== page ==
Odds are that you’ve heard about pet microchipping before—but you may not know how it works or why it’s so important. Today, we wanted to talk a bit about how pet microchipping works, some microchipping pros and cons, and why you should microchip your pets.
What is Pet Microchipping?
Pet microchipping is the practice of inserting a tiny radio frequency identification (RFID) tag under a pet’s skin. This RFID tag device is typically about the size of a grain of rice, and can be used to identify your pet by looking up the tag’s number in a pet microchip registry.
For the pet microchip lookup process to be effective, you have to make sure that you register your pet’s RFID tag in a national pet recovery database.
How Does Microchipping Pets Help Me Find Them?
There’s a common misconception that the microchip is some kind of GPS tracking device that lets you know where your pet is—it isn’t. The RFID tag itself doesn’t have any batteries, and does not actively transmit your pet’s location. All it does is allow pet shelters and veterinary clinics to look up the microchip’s ID number.
This pet microchip lookup can be vital for ensuring that your pet can be identified if they are lost. If your pet’s microchip is registered in a pet recovery database, the person looking up the chip number can find that information and reach out to you to let you know that they have found your pet.
Why Not Just Rely on a Collar Tag for Identification?
Pet collars with tags are a great way to identify your pets to others and let animal control organizations know that a particular animal has a loving home to go back to. The contact information on a pet tag can help others reach out to you more quickly as well. Additionally, some collar tags can be fitted with GPS or pet locating devices, which can help you find your lost pet yourself.
So, why shouldn’t you just rely on a pet collar to ID your pet?
While collars are a must-have for any pet that regularly goes outside, you should also microchip your four-legged friends because:
- Collars Can Slip off or Break. Not all of our fur babies like to wear collars, and will try to slip them off if they can. Also, a lost pet may get their collar caught on something and it may break off, leaving the pet unidentifiable.
- Microchips Can Thwart Pet Thieves. According to the American Kennel Club (AKC), there are around 2 million dogs stolen every year. One of the first things that these pet thieves will do is remove the pet’s collar and try to resell the pet while posing as the pet’s owner. With a microchip, veterinary clinics can ID the dog’s real owner and notify them and the authorities.
Will Implanting a Microchip Hurt My Pet?
The process of implanting a microchip in a pet is relatively simple and should not cause any harm to your pet. As noted by the American Veterinary Medical Association (AVMA), the microchip is “injected under the skin using a hypodermic needle. It is no more painful than a typical injection, although the needle is slightly larger than those used for injection.”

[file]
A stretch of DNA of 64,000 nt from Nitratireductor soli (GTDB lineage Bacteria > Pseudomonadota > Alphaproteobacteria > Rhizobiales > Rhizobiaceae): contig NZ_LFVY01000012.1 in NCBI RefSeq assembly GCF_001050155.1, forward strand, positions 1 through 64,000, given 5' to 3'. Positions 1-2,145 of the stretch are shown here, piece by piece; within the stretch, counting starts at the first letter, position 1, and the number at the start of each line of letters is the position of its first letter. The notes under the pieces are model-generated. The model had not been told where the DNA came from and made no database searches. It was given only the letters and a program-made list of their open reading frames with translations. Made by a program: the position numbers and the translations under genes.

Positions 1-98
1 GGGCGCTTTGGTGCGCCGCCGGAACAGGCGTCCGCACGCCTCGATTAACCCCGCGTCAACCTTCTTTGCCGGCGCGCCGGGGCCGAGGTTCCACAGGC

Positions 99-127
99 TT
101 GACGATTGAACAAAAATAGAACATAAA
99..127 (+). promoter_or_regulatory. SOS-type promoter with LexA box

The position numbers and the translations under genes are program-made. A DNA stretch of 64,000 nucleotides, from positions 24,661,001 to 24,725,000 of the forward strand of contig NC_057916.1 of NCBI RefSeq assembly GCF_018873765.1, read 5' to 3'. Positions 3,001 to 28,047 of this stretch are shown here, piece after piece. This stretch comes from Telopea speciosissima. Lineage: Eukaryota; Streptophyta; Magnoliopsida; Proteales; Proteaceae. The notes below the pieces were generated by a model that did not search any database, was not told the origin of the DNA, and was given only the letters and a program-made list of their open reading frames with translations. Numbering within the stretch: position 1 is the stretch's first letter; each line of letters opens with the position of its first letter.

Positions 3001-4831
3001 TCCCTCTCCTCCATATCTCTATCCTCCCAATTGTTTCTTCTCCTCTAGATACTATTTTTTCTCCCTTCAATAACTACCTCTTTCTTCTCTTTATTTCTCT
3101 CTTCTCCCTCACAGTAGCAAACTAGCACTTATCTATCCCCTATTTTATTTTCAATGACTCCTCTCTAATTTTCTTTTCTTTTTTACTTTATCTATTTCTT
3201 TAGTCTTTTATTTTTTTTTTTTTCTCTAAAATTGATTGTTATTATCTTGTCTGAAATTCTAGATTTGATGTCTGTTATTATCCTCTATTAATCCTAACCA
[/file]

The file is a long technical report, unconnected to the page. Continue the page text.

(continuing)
Remember: the typical pet microchip is roughly the size of a grain of rice. Also, the RFID tag is encased in a non-toxic, biocompatible casing that will not hurt your pet. Some pet microchipping companies use a casing that actively encourages your pet’s connective tissues to bond around the chip so it doesn’t move under their skin.
How Much Does Microchipping My Pet Cost?
Microchipping pets costs different amounts of money depending on the specific microchip being used and your veterinarian’s fees. According to sources like Petfinder.com, “The average cost to have a microchip implanted by a veterinarian is around $45, which is a one–time fee and often includes registration in a pet recovery database.”
Because pet microchips aren’t reliant on batteries to keep operating, they almost never need replacement, so you don’t have to worry about getting the microchip serviced or replaced. Microchips usually last for as long as your pet lives.
Microchipping Pros and Cons in a Nutshell
- It’s a relatively cheap, one-time expense with no maintenance to worry about.
- Helps ensure your pet can be identified by veterinary clinics and pet shelters.
- Hard to find and remove for most pet thieves.
- Microchips are a safe and non-toxic identifier for your pet.
- Because it’s non-obvious, the average person won’t be able to identify your pet using it.
- You have to submit the ID number to a pet microchip registry for it to work—though most veterinarian clinics will handle this for you as part of their microchipping service.
- Unlike GPS tags on collars, pet microchips won’t give you your pet’s exact location.
Is microchipping pets worth it? For the majority of pet owners, the answer is definitely “YES!” For the cost of a couple of large bags of dog food, you can protect your pet from getting lost in an animal shelter and make it much easier for you to recover your precious four-legged friend.